President J. A. .Scott
Vice President C. C. Kennedy
Treasurer N. C. Wiilfong
Secretary Wm. T. llatding
Directors W. II. Shipmaii, J. W.
Mnsou and A. II, Jackson.
W. T. BALDING,
Hilo, Hawaii, Jan. 25, 1905. 14-3
At the auuunl meeting of the stock
holders of THU PIRST BANK OP
HILO, LTD., held at the Hank, Peacock
block, Hilo, Hawaii, Saturday, Jan. 14,
1905, the following were elected officers
and directors for the ensuing year:
P. Peck, President.
C. C. Kennedy, Vice-President.
John T. Moir, Second Vice-President.
C. A. Stobie, Cashier.
A. II. Jackson, Secretary.
N. C. Wiilfong, Auditor.
Directors. Win. Pullnr, John J. Grace,
P. S. Lyinnn, H. V. Patten, John Watt,
W. II. Sbipman.
A. II. JACKSON. Secretary.
Hilo, Hawaii, Jan. 14, 1905, 13-3
The Old Reliable Stand is
Razors honed, Scissors nud all edged
tools perfectly ground. Satisfac
Examinations of Candi
dates lor West Point
Preliminary Examinations to enable
the Congressional Delegate for Hawaii to
select one nominee nud two alternates
each for the U. S. Military Academy nnd
the U. S. Naval Academy respectively
will be held iu the Legislature Hall in
the Capitol, Honolulu, from Monday,
Pebruary 6th. to Thursday, February 9th.
inclusive, commencing nt 9 O'Clock A.
M. of each day. Examinations for the
Military Academy will be held on Mon
day and Tuesday, and for the Naval
Academy on Wednesday and Thursday.
ALATAU T. ATKINSON,
Superintendent of Public Instruction.
Por JONAH K. KALANIANAOLE.
14-1 Delegate iu Congress.
Three Hoom School
House at Waiohiuu,
District of Kan, Ha
waii, T. II.
Proposals will be received at the office
of the Supt. of Public Works, Honolulu,
T. II., until is o'clock m. of Feb. 6,
1905, for constructing a Three Room
School-house nt Waiohiuu, Kau, Hawaii,
Plans mid specifications nre on file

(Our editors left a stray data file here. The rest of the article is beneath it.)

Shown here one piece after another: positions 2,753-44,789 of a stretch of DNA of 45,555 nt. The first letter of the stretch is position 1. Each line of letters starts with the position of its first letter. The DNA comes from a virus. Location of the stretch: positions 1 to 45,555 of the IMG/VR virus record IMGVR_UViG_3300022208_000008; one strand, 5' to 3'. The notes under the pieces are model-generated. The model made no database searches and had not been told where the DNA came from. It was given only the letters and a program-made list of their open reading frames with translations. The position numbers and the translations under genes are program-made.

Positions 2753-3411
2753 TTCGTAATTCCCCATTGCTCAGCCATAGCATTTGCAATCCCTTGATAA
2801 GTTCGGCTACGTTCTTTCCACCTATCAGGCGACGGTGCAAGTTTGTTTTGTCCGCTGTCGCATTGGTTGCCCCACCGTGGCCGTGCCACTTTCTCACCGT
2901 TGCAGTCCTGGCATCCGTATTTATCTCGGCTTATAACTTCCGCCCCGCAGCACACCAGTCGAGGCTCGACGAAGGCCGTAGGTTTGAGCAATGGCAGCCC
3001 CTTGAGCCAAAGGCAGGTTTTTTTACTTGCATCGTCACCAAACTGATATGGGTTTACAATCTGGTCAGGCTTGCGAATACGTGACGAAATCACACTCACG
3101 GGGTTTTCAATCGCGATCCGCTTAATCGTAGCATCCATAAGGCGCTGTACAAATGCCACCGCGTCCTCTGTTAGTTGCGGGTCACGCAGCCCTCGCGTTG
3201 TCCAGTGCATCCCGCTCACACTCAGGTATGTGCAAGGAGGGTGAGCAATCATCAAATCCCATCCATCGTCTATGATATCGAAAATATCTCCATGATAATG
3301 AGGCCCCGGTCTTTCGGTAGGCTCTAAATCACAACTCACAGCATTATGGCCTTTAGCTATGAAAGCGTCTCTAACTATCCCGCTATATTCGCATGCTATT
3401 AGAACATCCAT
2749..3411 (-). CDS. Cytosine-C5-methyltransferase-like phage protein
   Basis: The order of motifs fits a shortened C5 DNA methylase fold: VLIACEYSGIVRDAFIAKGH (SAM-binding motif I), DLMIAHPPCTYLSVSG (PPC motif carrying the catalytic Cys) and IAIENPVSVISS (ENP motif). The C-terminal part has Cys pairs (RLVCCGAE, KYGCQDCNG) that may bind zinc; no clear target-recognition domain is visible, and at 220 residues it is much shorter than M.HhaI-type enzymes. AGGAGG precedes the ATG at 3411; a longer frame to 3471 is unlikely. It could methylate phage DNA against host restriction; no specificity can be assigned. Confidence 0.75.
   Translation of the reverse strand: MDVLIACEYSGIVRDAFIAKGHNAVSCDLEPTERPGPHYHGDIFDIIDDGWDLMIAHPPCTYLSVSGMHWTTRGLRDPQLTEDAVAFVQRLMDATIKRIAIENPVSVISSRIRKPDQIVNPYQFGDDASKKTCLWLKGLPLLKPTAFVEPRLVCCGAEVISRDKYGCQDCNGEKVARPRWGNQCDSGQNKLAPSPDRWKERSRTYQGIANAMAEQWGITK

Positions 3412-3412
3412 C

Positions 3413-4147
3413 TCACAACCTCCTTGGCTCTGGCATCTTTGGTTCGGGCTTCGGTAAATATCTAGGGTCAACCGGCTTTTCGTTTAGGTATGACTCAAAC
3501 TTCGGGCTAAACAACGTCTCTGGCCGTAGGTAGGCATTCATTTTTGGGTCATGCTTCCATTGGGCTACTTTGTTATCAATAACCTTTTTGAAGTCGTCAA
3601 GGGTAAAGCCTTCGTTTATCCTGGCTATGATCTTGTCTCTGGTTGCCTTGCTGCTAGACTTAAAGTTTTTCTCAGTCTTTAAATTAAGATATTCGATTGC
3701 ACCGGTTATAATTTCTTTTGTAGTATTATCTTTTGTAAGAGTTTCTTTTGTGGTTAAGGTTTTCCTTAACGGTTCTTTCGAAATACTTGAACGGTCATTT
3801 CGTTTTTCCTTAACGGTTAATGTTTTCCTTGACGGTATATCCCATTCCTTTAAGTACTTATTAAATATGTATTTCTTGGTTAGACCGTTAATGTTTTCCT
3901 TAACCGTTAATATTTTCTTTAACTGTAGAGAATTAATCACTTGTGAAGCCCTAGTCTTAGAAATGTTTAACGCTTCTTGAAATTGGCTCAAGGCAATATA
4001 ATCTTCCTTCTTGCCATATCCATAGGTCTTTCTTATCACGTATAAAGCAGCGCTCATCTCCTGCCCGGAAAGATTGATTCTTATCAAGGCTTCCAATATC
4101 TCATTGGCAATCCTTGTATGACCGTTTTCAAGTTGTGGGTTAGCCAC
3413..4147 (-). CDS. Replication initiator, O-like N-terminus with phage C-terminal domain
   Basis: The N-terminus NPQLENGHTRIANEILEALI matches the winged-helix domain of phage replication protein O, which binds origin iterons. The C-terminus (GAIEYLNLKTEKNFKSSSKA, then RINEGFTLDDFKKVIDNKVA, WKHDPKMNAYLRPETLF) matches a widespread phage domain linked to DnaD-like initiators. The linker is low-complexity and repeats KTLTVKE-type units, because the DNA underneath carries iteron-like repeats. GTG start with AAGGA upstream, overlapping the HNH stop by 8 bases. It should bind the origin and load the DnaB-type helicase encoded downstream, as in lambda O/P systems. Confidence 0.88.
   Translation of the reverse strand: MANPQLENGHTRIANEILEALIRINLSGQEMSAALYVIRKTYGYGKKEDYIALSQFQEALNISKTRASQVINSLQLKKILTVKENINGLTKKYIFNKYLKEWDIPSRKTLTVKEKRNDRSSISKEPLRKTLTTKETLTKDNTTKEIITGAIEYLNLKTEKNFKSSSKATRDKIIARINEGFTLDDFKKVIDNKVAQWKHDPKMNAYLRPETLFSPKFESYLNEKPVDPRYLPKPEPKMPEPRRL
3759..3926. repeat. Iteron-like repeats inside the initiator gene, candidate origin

with the Asst. Supt. of Public Works,
with E. E. Richards, Agent Public
Works, Hilo, Hawaii, and with J. C.
Scarles. School Agent, Hilea, Hawaii,
copies of which will be furnished intend
ing bidders on receipt of $5.00, which
sum will be returned after depositing bid
and returning plans and specifications.
No proposal will be entertained unless
submitted 011 the blank forms furnished
by the Asst. Supt. of Public Works, en
closed iu a sealed envelope addressed to
Hon. C. S. Holloway, Supt. of Public
Works. Honolulu, T. II., endorsed "Pro
posal for Waiohiuu School-house," and
delivered previous to 13 o'clock m. on
the day specified.
The Superintendent of Public Works
reserves the right to reject any or all
C. S. HOLLOWAY,
Superintendent of Public Works.
Honolulu, T. II. Jan. 17, 1905. 13.3
REPORT OP THE CONDITION
FIRST BANK OF HILO
AT THE CLOSE OP 11USINESS
DECEMBER 31, 1904
Loans ami discounts $319,637 59
wan loans ami government
Furniture and fixtures.
Due from banks
Capital paid iu $143,500 00
Surplus 30,000 00
Undivided profits 3,316 00
Deposits 103.880 74
Due other banks 31,384 a7
I, C. A. Stobie, Cashier, do solemnly
swear that the above statement is true to
the best of my knowledge and belief.
C. A. STOI1IE, Cashier.
Examined and found correct.
W. II. SIIIPMAN, )
A. II. JACKSON, Directors.
JOHN T. MOIR, )
N. C. Wu.m'ono, Auditor.
Subscribed and sworn to before me
this 33d day of Jauunty, A. D. 1905,
W. S. WISE,
Notary Public, Fourth Circuit, T, H,
E. N. HOLMES
FINE DISPLAY OF
Negligee Shirts Collars
Golf Shirts Cuffs
Dress Shirts Neckwear
Lawn Bows Lawn Ties 1
Gossamer Wool Underwear
Scrivan's Drawers Pajamas
Cugot Suspenders Night Shirts
Crown Suspenders Bathing Suits
President Suspenders Sweaters
Hosiery and Gloves
E. N. HOLMES
THE HAWAIIAN FERTILIZER CO., Ltd.
For Cane, Vegetable and Banana Fields.
Soil Analysis Made nnd Fertilizer Furnished Suitable to Soil, Climate and Crop
j FOR THE LAND'S SAKE USE OUR FERTILIZERS T
Sulphate of Ammonium
Sulphate of Potash
Nitrato of Soda
H. C. Phosphates
Fertilizers for sale in large or small quantities. Fertilize your lawns with our
Special Lawn Fertilizer.
P. O, BOX 767,
C. M. COOKE, President.
E. P. BISHOP, Treasurer.
G. II. ROBERTSON. Auditor
E. D. TENNEY. Vice-President.
J. WATERHOUSE, Secretary.
W. M. ALEXANDER, C. H. ATHERTON
2. O O ZC '
8. W td SE57 "
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p a $ Z g -3 1
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Subscribe for tbe Thibunr.
I scription $2,50 a year,
For Elegant '
Call at Tribune Office
All ireiglit sent to ships by our launches
will be charged to shippers unless accom
panied by a written order from the cap.
tains of vessels.
3otf R. A. LUCAS & CO,
1 ' ill